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Thread: ball ?

  1. #1
    whl626 is offline Member
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    Default ball ?

    May I know what it means ' Have an eye on the ball ' ?

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    RonBee is offline Moderator
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    To have your eye on something is to pay close attention to it. If I have my eye on you I am watching you closely. To keep your eye on the ball is to pay close attention to something. The expression comes from sports. I have especially heard it used in baseball.

    When someone is driving it is a good idea for them to keep their eyes on the road.

    :)

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    whl626 is offline Member
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    Quote Originally Posted by RonBee
    To have your eye on something is to pay close attention to it. If I have my eye on you I am watching you closely. To keep your eye on the ball is to pay close attention to something. The expression comes from sports. I have especially heard it used in baseball.

    When someone is driving it is a good idea for them to keep their eyes on the road.

    :)
    Knowing the source of its existence, I think it is easy to remember then. :)

    Thanks

  4. #4
    RonBee's Avatar
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    Well, in Malaysia they don't have baseball, but I am pretty sure that they have football. (AE: soccer) There you would find a practical application of keeping your eye on the ball. If you don't keep your eye on the ball you will lose track of it, and the other team will surely score on you.

    Here's something you might find interesting:



    The poster asked a question about a word I had never heard before, and I was mildly surprised to find that the word came from Malaysia. Apparently, there is a larger English-speaking community there than I realized. (There are certainly shophouses in this country, but we just never called them that.) Do you use that word?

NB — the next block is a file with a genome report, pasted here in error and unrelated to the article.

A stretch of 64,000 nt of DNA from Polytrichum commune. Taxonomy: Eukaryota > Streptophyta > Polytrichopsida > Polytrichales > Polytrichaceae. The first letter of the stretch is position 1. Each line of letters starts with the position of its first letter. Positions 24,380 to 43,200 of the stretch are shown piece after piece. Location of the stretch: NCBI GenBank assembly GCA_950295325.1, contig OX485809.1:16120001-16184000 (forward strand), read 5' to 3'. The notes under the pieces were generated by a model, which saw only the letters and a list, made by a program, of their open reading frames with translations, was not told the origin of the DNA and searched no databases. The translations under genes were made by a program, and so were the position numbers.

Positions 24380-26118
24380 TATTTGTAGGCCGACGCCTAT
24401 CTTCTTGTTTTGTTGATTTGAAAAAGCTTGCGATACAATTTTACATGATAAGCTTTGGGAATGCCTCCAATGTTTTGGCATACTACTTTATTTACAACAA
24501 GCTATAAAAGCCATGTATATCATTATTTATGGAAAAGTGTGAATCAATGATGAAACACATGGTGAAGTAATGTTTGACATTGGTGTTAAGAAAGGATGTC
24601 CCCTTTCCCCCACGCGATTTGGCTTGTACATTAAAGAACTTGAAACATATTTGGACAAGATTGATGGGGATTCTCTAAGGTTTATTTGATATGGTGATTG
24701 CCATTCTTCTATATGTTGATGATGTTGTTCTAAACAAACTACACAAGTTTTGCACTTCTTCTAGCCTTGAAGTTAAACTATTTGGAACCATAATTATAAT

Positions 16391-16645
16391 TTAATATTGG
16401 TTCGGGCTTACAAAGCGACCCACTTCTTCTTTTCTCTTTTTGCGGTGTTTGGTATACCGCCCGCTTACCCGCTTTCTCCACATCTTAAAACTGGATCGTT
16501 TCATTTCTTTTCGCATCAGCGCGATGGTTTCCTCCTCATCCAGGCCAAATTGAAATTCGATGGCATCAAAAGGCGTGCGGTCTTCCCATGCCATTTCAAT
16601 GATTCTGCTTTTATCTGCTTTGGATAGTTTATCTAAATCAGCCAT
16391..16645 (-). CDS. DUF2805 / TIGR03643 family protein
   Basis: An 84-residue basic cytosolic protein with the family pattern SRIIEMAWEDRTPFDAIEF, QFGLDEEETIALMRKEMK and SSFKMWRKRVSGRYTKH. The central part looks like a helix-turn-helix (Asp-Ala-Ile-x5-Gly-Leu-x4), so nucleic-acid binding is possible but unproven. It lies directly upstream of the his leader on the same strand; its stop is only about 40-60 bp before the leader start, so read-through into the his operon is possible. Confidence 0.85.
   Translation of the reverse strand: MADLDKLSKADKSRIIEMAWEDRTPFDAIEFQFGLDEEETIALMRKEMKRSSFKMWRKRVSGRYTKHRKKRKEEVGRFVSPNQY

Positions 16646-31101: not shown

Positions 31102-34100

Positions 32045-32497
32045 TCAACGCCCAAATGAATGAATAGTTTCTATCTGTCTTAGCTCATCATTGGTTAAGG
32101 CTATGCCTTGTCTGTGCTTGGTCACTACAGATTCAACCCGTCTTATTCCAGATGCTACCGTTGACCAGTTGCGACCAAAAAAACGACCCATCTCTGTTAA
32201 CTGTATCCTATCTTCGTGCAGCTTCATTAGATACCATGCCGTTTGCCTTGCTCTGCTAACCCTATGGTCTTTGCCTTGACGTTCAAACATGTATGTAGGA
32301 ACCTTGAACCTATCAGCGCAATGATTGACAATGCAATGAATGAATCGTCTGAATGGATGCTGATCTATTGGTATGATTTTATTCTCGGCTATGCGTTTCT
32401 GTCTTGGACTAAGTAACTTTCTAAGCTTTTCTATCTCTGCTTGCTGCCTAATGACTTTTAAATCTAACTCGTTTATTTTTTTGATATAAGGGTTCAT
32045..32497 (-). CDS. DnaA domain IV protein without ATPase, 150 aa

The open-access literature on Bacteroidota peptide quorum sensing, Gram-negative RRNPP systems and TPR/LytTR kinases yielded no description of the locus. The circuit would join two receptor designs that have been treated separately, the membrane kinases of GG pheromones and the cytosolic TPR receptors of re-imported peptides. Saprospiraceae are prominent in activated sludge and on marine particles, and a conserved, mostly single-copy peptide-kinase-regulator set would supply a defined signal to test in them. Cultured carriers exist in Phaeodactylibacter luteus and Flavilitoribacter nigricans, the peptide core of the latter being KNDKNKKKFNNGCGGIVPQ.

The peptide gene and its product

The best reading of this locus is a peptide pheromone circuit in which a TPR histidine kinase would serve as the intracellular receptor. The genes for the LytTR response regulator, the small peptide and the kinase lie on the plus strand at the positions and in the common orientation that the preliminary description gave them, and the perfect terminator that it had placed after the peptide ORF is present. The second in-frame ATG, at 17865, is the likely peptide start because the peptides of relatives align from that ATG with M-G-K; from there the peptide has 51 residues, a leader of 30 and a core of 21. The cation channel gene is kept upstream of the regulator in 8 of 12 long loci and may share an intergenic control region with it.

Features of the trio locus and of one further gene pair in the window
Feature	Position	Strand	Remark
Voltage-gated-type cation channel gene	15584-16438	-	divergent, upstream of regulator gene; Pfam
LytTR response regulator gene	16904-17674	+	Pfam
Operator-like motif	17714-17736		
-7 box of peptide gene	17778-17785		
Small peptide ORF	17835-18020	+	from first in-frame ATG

5. #5
    whl626 is offline Member
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    Quote Originally Posted by RonBee
    Well, in Malaysia they don't have baseball, but I am pretty sure that they have football. (AE: soccer) There you would find a practical application of keeping your eye on the ball. If you don't keep your eye on the ball you will lose track of it, and the other team will surely score on you.

    Here's something you might find interesting:



    The poster asked a question about a word I had never heard before, and I was mildly surprised to find that the word came from Malaysia. Apparently, there is a larger English-speaking community there than I realized. (There are certainly shophouses in this country, but we just never called them that.) Do you use that word?
    You are telling me :). I also didn't know this word is derived from Malaysia. But it is so commonly used here. It is exactly as what you've said about it. Shophouses normally refer to a row of double-story houses. No single stand-alone :). We used to be a British colony, so it is not surprising to find a larger English speaking community but what I am moaning is the standard of the language is deteriorating over the years to an alarming stage, so to speak.

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